The Pale Door Review: Slow Start Followed by Thrilling Genre Blend




Devin Druid as Jake

Zachary Knighton as Duncan

James Whitecloud as Chief

Bill Sage as Dodd

Noah Segan as Truman

Pat Healy as Wylie

Stan Shaw as Lester

Tina Parker as Brenda

Natasha Bassett as Pearl

Melora Walters as Maria

Directed & Co-Written by Aaron B. Koontz; Co-Written by Keith Lansdale and Cameron Burns

Click here to rent or purchase the horror western!

The Pale Door Review:

The western genre is one of the most long-standing in film and the Weird West subgenre that debuted in literature in the 1930s is one of the most fascinating things to come from it and though the past 30 years or so have seen an array of quality in films within the subgenre, Aaron B. Koontz’s The Pale Door proves to be one of the most thrilling and fun efforts in a long while, even if it does start off a bit slow.

The Dalton gang find shelter in a seemingly uninhabited ghost town after a train robbery goes south. Seeking help for their wounded leader, they are surprised to stumble upon a welcoming brothel in the town’s square. But the beautiful women who greet them are actually a coven of witches with very sinister plans for the unsuspecting outlaws-and the battle between good and evil is just beginning.

The story starts off in relatively interesting fashion, chilling flashbacks setting up a tragic past for the Dalton brothers that set them on their paths on both sides of the law, but once things shift to the present the film starts to hit a bit of a lull. The pacing and dialogue used to set up the other members of Duncan’s gang kind of feels too reliant on various tropes of the genre, from the silent stoic Dodd to the goofy hair-triggered Truman, but this reliance does come across as more of a loving ode to the classic westerns of old rather than a vacancy of fresh ideas on the writers’ behalf.

Once the group choose to come together for the perfect score, the pacing for the film begins to find its stride and the tension begins to grow in increasingly exciting fashion, with the train robbery proving to be a short and fun catalyst for the real thrills that lie ahead in the story. The group’s arrival in the near-ghost town sees the tension become so palpable that while horror enthusiasts may have some thoughts on what’s to come for the protagonists, general viewers will be kept guessing as the mystery builds and things go from intriguing to terrifying.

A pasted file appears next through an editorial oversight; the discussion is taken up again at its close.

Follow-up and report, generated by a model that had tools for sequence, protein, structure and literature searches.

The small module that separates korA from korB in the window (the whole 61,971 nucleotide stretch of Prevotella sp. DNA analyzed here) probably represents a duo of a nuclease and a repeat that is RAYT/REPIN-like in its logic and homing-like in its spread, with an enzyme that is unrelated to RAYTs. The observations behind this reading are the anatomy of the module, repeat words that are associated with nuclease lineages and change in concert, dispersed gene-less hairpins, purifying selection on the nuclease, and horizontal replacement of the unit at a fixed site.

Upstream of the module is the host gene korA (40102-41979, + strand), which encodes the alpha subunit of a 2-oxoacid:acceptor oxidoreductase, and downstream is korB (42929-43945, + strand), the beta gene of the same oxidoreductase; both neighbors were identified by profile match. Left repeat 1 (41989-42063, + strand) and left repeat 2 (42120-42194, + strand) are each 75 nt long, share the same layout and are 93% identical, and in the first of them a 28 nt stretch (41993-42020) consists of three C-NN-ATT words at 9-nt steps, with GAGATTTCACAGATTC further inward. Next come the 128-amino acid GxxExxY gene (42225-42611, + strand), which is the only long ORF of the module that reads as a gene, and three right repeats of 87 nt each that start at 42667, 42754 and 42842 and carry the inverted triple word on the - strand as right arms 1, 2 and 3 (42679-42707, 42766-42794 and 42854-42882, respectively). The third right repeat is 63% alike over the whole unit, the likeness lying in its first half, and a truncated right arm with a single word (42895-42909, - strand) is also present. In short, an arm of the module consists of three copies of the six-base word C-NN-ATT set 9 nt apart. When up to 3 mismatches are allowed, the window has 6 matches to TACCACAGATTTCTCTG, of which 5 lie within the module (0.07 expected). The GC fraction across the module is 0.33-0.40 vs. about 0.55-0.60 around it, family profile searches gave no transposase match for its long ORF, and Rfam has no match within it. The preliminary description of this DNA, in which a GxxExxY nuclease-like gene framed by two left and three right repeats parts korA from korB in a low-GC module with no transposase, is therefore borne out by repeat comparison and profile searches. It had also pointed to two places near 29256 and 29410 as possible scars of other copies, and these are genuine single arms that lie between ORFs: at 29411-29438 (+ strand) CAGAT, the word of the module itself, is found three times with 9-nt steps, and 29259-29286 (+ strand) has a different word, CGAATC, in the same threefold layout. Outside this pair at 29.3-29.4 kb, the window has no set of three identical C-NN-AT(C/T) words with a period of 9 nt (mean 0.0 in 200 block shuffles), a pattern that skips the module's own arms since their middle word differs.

Given their prior work in the horror genre with films such as Camera ObscuraScare Package and producing Starry Eyes, Koontz and Burns effortlessly transition into the terror portion of the story, delivering all of the gruesome shocks genre fans have come to see while also delivering some thoughtful character decisions and actions sure to sit with some viewers long after the credits roll.

Another major high point of the film comes in the form of Koontz’s direction and Andrew Scott Baird’s cinematography, which captures every element of the two genres on display in breathtaking fashion. From the beautiful color palette of its daytime scenes and sunset shots, almost as if pulled from Rockstar’s masterful Red Dead Redemption 2, to the chilling and expertly shot nighttime scenes that enhance the scares and gore put on display, even when the film might hit the occasional dragging moments, it’s one that at least looks great from start to finish, especially given its indie budget.

The cast for the film, though composed of an outstanding ensemble, does have a couple of standouts in the sadly worst ways, Be it the writing for his character or the underwhelming performance he delivers, Devin Druid proves to be a rather uninteresting lead character throughout the film, never allowing me to believe he’s actually his character but rather a younger performer still trying to find his footing in a heavier role in the world of film than he may be used to. It’s not the worst performance I’ve ever seen from an up-and-comer in the horror genre, nor is it without moments of potential, but given it’s one of the primaries in which audiences must really connect to, it’s definitely a drawback for the film.

The rest of the ensemble all deliver fairly compelling and fun performances to watch, with Zachary Knighton’s return to the horror genre proving to be a welcome one as he is a very strong second lead to Druid’s Jake, not to mention the always-excellent Pat Healy and Noah Segan, veterans of the indie horror genre that embrace their odd characters with glee in every scene.

Though a member or two of its cast may prove to be a bit lackluster and it struggles with pacing in the first act, Aaron B. Koontz’s The Pale Door eventually escalates into an outright thrilling and chilling blend of the horror and western genres with a still solid ensemble cast, a gleeful display of gore and magnificent direction from Koontz.

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